An investigation has been launched into Scotland Yard’s handling of the Sian Blake case, the former EastEnders actress whose body was found in the garden of her home with her two young sons.
The Independent Police Complaints Commission will examine the response to concerns for the welfare of Ms Blake and sons Zachary, eight, and Amon, four, as well as the subsequent missing persons inquiry.
It is understood concerns about domestic violence were raised by a relative of Ms Blake to the NSPCC on 16 December.
A missing person’s investigation started on the same day after police attended the family home in Erith, Kent.
On Tuesday – almost three weeks later – three bodies were discovered in the garden of the property, triggering a murder inquiry.
Arthur Simpson-Kent, Ms Blake’s former partner, is being sought by police. He is believed to have fled to Ghana.
Confirming that an investigation is under way, the IPCC said police began their enquiries following a “report of concern” by visiting the home where officers spoke to Simpson-Kent. “Sadly, the bodies of Sian and her two children were found at the address 20 days later, on 5 January, 2016,” the watchdog said.
“The Independent Police Complaints Commission (IPCC) investigation will examine the police response, actions and decision-making following the reported concern for welfare.”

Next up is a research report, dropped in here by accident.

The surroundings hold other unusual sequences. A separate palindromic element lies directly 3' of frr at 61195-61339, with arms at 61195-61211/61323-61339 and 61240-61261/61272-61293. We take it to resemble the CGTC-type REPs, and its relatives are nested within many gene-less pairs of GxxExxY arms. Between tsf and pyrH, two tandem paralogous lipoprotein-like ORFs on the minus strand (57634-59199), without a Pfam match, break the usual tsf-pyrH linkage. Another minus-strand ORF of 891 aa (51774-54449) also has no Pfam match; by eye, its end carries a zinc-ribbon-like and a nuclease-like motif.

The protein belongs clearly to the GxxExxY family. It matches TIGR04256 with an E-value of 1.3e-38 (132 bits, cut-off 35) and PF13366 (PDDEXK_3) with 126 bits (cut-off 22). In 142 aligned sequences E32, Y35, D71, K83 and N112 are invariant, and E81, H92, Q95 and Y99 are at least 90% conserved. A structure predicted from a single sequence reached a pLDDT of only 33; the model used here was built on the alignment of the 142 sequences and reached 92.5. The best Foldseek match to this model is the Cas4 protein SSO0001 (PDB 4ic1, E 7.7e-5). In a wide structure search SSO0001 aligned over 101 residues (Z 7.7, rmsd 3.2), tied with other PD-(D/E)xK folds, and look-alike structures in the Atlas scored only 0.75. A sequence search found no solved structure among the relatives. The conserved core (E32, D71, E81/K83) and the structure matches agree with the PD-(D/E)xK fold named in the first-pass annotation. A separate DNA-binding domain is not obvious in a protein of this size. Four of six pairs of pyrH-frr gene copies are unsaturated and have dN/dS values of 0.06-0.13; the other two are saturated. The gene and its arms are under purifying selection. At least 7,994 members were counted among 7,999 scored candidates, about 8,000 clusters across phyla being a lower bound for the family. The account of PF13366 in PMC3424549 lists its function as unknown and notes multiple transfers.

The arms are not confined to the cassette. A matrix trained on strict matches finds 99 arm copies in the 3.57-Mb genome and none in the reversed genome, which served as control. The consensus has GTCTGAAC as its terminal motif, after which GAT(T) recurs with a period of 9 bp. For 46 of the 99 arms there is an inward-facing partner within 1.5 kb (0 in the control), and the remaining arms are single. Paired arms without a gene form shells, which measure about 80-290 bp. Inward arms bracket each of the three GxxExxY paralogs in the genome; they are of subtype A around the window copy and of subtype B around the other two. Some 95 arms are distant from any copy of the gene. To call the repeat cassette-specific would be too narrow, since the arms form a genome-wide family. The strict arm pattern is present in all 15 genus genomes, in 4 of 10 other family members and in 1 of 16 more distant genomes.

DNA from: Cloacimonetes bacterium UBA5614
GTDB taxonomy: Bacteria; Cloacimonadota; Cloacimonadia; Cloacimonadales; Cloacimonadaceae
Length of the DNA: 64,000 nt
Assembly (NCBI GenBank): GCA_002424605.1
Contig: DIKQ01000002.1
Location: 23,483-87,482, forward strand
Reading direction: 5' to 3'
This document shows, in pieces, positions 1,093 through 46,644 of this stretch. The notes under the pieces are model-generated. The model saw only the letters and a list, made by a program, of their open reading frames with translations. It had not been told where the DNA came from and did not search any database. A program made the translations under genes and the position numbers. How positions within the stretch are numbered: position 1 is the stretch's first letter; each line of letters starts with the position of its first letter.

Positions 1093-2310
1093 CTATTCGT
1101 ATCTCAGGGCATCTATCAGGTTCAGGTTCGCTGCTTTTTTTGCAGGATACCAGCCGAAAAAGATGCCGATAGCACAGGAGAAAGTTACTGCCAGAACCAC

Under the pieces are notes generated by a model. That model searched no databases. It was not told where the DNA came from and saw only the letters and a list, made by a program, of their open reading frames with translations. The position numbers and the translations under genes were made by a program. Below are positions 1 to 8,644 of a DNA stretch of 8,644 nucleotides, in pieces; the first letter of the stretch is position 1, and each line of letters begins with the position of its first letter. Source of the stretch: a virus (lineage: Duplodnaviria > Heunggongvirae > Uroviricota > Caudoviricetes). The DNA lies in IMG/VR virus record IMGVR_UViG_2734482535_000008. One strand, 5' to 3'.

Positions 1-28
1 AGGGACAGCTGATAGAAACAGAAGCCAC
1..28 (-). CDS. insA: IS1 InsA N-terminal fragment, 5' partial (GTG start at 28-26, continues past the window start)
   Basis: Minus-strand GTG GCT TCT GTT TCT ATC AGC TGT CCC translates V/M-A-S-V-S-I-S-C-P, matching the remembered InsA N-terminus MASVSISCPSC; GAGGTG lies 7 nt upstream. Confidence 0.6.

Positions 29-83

Simpson-Kent, 48, was photographed at Kotoka Airport in Accra, three days after he was quizzed by police over the family’s disappearance
Ms Blake’s sister Ava said he will have to “answer to God” for his alleged actions, revealing that her sibling had told their mother, Pansy, that she wanted to get out of her relationship “a long time ago”. Ms Blake, 43, had motor neurone disease – a fatal, rapidly progressing illness which affects the central nervous system – and was looking “very frail” before she vanished.
She was last seen with her sons in Waltham Forest, east London, on 13 December.
Post-mortem examinations indicated that the three died as a result of head and neck injuries.
IPCC Associate Commissioner Tom Milsom said: ““The IPCC will be conducting a thorough investigation into how police responded to the concerns for their welfare and their disappearance.”